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France to outlaw buying cigarettes online

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France to outlaw buying cigarettes online
France is to outlaw buying cigarettes online. Photo: TheSmallPrint/FLickr
10:25 CET+01:00
Smokers in France who buy cheap cigarettes online will soon be breaking the law if Paris carries out its plan to make purchasing smokes on foreign websites illegal.

Smokers in France might have to find alternative ways to get cheap cigarettes in future or fall foul of the long arm of the law.

France's Secretary of State for the budget Christian Eckert told newspaper Le Figaro on Thursday how Paris plans to continue its crackdown on tobacco by penalising those caught buying cigarettes online.  

Selling cigarettes online is already against the law in France, but currently there are no punishments in place for those who buy them, a measure cigarette companies in France and tobacconists have long been calling for.

“We will go further and ban online [cigarette] shopping in the coming weeks, matching the ban with a sanction for buyers,” Eckert said.

 A survey carried out by tobacco giant Philip Morris International estimates a loss to France of about €400 million each year due to online foreign purchases.

According to BFM TV one in five cigarettes smoked in France is bought online and therefore evades the reach of the tax man.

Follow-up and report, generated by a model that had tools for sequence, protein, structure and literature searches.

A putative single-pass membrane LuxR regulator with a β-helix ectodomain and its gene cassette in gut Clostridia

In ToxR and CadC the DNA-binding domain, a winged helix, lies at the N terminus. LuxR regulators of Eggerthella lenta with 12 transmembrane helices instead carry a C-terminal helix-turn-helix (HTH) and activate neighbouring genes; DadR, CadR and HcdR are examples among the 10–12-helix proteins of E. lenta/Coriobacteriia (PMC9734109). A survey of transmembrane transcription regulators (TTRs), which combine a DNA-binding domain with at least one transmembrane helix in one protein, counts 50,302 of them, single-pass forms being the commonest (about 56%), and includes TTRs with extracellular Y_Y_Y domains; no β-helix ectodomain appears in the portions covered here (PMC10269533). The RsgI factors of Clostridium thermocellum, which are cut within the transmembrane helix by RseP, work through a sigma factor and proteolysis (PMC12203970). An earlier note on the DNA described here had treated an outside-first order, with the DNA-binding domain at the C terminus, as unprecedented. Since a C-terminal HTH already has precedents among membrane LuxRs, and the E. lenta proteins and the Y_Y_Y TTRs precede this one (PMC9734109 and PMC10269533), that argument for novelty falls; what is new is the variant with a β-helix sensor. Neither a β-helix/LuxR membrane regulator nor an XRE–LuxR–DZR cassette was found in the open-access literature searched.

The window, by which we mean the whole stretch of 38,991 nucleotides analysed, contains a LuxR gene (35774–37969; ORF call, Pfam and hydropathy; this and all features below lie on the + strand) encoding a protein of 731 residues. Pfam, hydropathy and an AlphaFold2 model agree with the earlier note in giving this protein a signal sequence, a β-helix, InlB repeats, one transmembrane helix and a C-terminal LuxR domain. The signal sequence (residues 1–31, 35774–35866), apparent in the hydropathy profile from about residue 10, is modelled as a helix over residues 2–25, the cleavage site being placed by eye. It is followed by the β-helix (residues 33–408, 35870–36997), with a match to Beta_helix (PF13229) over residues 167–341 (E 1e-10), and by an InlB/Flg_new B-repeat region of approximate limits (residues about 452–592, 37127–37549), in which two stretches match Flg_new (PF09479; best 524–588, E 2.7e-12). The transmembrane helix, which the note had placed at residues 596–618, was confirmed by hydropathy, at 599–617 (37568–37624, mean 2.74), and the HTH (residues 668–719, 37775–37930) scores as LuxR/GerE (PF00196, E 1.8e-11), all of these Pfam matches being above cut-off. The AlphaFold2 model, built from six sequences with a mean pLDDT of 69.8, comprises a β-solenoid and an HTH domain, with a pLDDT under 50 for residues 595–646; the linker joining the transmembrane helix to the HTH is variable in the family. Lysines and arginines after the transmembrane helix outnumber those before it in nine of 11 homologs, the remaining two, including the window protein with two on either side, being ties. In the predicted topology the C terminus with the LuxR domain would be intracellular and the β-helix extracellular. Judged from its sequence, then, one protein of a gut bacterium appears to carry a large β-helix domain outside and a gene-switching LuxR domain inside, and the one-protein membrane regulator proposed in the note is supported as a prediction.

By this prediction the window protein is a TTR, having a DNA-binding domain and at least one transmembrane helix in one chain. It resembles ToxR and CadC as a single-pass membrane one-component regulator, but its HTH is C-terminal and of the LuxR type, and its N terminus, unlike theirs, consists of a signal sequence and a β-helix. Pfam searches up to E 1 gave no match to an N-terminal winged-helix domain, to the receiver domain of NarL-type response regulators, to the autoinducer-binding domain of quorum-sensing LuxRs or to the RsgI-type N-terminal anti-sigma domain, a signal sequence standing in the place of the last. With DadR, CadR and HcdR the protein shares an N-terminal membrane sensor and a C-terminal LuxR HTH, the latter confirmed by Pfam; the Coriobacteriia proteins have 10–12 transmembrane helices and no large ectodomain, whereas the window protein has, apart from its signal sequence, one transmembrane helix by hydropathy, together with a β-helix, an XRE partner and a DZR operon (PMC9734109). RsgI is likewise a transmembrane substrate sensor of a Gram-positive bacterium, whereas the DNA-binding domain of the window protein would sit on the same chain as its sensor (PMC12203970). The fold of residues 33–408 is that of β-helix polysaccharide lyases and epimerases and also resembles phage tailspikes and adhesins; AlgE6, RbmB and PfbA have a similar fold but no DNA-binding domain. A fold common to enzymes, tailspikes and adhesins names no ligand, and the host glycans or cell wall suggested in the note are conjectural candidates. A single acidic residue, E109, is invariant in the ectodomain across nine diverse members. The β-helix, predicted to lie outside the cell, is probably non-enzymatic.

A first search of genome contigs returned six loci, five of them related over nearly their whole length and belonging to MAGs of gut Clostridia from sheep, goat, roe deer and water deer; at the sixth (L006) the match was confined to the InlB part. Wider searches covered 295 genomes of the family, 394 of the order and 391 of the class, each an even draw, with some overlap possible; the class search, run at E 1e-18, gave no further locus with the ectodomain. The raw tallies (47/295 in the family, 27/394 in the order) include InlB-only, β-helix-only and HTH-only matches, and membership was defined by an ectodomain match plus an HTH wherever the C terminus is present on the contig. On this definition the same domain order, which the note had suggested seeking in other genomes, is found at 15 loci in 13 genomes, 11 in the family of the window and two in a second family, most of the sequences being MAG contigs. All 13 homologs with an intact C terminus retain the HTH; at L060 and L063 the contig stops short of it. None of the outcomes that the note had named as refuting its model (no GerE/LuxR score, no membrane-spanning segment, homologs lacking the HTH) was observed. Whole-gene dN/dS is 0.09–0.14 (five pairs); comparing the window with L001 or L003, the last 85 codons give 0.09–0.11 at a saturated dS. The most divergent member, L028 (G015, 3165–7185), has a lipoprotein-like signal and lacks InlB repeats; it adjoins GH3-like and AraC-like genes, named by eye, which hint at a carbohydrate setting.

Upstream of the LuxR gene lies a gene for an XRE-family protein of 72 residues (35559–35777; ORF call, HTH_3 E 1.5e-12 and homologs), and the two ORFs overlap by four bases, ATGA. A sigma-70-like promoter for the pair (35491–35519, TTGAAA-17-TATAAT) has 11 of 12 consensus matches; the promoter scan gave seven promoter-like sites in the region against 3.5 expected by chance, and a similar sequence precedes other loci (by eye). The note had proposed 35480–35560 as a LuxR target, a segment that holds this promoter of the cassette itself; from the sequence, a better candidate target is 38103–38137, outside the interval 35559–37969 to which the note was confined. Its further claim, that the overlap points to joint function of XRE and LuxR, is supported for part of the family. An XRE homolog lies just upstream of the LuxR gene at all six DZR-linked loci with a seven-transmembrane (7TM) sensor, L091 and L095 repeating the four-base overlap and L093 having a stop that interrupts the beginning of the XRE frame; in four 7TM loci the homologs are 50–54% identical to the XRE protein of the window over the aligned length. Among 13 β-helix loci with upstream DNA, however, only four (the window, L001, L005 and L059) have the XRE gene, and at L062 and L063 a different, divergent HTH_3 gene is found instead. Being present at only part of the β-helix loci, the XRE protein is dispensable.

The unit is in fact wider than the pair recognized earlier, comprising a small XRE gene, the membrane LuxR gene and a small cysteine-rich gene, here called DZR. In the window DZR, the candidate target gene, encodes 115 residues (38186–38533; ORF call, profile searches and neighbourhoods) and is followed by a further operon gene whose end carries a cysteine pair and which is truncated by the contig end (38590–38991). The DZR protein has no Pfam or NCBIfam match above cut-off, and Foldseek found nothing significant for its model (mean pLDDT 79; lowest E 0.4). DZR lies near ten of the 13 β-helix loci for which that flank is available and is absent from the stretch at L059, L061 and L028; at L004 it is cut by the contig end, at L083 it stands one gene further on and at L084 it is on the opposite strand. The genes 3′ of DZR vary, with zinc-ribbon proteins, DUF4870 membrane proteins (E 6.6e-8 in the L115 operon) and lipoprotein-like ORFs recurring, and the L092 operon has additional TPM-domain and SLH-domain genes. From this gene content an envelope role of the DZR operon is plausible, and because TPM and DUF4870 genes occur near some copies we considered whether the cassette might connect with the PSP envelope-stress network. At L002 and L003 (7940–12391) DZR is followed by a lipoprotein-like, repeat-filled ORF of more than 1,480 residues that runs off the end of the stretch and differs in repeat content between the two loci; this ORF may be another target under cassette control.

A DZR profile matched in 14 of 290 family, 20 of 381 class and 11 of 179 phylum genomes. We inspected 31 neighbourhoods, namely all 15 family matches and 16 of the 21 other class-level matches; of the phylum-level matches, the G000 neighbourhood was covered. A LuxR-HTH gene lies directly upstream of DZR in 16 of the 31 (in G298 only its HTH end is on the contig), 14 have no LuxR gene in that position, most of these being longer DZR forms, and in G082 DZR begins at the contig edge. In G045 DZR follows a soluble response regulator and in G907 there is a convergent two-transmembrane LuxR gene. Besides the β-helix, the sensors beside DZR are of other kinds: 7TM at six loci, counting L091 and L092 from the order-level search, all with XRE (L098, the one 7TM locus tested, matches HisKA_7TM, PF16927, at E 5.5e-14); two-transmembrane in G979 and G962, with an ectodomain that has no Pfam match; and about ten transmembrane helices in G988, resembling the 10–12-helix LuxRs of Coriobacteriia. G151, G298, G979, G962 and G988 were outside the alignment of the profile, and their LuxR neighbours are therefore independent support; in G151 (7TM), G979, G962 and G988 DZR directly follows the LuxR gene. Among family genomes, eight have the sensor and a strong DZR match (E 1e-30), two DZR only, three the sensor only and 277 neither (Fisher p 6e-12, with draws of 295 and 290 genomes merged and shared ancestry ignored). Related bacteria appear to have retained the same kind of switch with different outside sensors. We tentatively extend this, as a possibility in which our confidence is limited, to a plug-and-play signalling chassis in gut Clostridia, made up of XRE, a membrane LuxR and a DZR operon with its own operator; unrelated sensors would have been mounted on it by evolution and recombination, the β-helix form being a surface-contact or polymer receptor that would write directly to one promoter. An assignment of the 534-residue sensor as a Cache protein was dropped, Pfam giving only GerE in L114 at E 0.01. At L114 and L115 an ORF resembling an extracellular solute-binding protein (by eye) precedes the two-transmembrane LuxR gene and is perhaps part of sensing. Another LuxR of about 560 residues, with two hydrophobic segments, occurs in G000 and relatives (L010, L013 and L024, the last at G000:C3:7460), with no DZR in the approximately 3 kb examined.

Many of the websites that sell cheap cigarettes are based in Ireland, where taxes are lower than elsewhere in Europe.

After reviewing the Social Security budget of 2015, Eckert admitted that the high tax on tobacco in France makes people look elsewhere for their smokes.

The government is planning to work closely with online sellers, who are obliged to register, in order to identify buyers.

This plan to sanction online cigarette buyers comes on the back of a new health bill in France which includes various measures aimed at cutting smoking rates in France, such as outlawing smoking in a cars with child passengers, raising prices and banning cigarette branding.  

The branding ban, seeking to strip packets of logos and replace them with warnings and shocking images, came under fire from North Carolina's Pat McCrory, governor of America’s biggest tobacco producing state.

by Simone Flückiger

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